Making Avengers ID Card In HTML And CSS

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Let’s suppose Tony Stark would like to redesign the ID cards of the Avengers, and he needs our help to create them in HTML and CSS. So, how can we help? In this tutorial, we’ll be using Flexbox to create the desired layout while diving into nested flexboxes for some advanced layouts. We will also be using rounded as well as transparent borders to create sci-fi arcs in CSS, and then animating them by using CSS animations around the picture of the Avenger. Last but not least, we’ll be using the box-shadow and text-shadow properties to give our ID card a final sci-fi touch.

By the end of the tutorial, we will build a sci-fi animated Avengers ID card, and also learn the basics of Flexbox, nested Flexbox, CSS animations, borders, shadows, and many other frequently used CSS properties.

Full-Page Background

We need a div that covers the entire screen. We will use this div as the background to place the ID card:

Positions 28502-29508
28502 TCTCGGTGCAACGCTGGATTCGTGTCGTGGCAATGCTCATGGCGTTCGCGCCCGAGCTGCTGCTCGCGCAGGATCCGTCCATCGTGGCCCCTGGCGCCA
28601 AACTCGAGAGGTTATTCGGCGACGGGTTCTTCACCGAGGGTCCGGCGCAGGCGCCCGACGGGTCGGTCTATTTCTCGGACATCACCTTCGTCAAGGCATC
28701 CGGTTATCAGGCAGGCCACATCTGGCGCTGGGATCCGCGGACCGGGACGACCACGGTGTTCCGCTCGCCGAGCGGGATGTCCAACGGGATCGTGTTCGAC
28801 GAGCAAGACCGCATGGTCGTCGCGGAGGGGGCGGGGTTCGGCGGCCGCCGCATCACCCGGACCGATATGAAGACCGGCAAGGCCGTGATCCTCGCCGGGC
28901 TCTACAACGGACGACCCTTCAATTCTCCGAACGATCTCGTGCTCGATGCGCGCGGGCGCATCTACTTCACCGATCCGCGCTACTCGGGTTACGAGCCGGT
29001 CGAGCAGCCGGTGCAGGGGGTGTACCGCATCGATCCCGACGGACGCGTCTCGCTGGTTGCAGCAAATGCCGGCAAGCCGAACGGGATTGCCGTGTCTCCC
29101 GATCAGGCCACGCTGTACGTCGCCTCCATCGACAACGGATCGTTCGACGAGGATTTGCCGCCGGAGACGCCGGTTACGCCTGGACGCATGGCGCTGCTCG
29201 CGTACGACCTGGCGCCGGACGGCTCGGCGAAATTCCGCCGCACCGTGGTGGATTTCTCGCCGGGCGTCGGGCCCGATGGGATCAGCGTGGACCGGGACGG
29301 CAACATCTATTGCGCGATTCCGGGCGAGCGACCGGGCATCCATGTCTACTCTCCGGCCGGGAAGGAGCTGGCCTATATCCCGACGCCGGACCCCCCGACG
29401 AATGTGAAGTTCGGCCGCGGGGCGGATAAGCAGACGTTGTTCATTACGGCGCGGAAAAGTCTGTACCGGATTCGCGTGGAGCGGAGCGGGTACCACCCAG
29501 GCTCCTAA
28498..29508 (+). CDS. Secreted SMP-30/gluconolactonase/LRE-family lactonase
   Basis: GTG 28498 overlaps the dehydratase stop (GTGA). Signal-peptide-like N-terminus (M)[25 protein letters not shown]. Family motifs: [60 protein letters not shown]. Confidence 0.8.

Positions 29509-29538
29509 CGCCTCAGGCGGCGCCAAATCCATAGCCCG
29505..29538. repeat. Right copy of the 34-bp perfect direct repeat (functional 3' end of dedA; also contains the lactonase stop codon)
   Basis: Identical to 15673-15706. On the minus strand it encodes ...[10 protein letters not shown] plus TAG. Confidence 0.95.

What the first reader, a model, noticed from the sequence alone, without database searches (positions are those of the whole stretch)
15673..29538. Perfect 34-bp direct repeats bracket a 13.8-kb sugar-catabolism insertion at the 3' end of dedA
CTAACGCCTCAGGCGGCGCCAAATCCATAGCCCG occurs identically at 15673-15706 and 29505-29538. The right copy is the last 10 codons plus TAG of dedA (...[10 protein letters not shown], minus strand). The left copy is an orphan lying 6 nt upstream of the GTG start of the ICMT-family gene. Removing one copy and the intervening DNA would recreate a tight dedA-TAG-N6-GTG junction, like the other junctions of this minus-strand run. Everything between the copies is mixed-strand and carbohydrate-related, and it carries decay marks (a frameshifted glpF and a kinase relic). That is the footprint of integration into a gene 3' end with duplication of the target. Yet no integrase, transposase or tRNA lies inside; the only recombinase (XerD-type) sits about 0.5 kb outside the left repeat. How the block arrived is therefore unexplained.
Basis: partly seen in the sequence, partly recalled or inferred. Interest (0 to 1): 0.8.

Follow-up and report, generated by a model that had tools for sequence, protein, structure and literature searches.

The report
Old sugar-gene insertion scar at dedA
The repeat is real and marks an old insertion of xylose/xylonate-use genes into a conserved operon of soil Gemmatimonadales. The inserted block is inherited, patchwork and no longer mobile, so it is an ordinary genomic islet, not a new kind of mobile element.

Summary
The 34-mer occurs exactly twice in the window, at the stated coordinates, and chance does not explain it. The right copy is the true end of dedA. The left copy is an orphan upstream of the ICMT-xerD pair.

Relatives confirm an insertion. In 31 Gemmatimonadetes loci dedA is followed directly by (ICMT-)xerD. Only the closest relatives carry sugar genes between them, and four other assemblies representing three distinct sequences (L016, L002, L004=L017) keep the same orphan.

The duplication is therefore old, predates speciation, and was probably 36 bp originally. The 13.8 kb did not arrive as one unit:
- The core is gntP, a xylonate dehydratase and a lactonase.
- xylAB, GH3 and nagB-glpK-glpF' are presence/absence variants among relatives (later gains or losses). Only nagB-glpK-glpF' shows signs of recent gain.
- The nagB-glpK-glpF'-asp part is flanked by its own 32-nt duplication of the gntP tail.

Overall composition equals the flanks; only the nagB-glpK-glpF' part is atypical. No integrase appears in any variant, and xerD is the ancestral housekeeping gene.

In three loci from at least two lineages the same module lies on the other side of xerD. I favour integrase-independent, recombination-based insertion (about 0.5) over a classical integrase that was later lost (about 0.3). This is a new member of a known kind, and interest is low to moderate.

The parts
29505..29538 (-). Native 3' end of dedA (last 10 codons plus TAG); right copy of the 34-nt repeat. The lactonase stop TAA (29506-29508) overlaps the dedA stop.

<div class="id-card-wrapper">
</div>

Let’s make the div cover the entire page and give a dark background:

body {
  margin:0px;
}
.id-card-wrapper {
  height: 100vh;
  width:100%;
  background-color: #122023;
}

Why use 100vh and not 100% for height?

If you look closely, you will notice that we used 100% for width, but 100vh for height. The vh unit stands for “viewport height”. It is a viewport unit, some other viewport units are: vw, vmin, and vmax.

So, why should we use 100vh instead of 100% for the height? Well, a % based dimension is relative to its parent element. So, if we set the height of the id-card-wrapper to 100%, that would mean it will make the height of id-card-wrapper cover 100% of the height of its parent element (which is the body element).

The problem is — by default — the body element doesn’t cover entire screen’s height. The width of the body element is by default 100% that’s why we can use width: 100% on id-card-wrapper, but since the height is not 100% by default the same won’t work for height.

Since a viewport unit is relative to the viewport, not the parent element, setting the height to 100vh will make the element cover entire height of the visible area (viewport), regardless of the parent’s dimensions.

Note: If you want to dive deeper into the viewport units, checkout this Fun with Viewport Units article on CSS-Tricks. One more thing, there are many ways to create a full page background, Chris Coyier lists them well in this post.

Why margin: 0px On Body?

The browsers by default display some margin around the body. If we don’t set this margin to 0, we will get a white gap around the id-card-wrapper div.

Centering Using Flexbox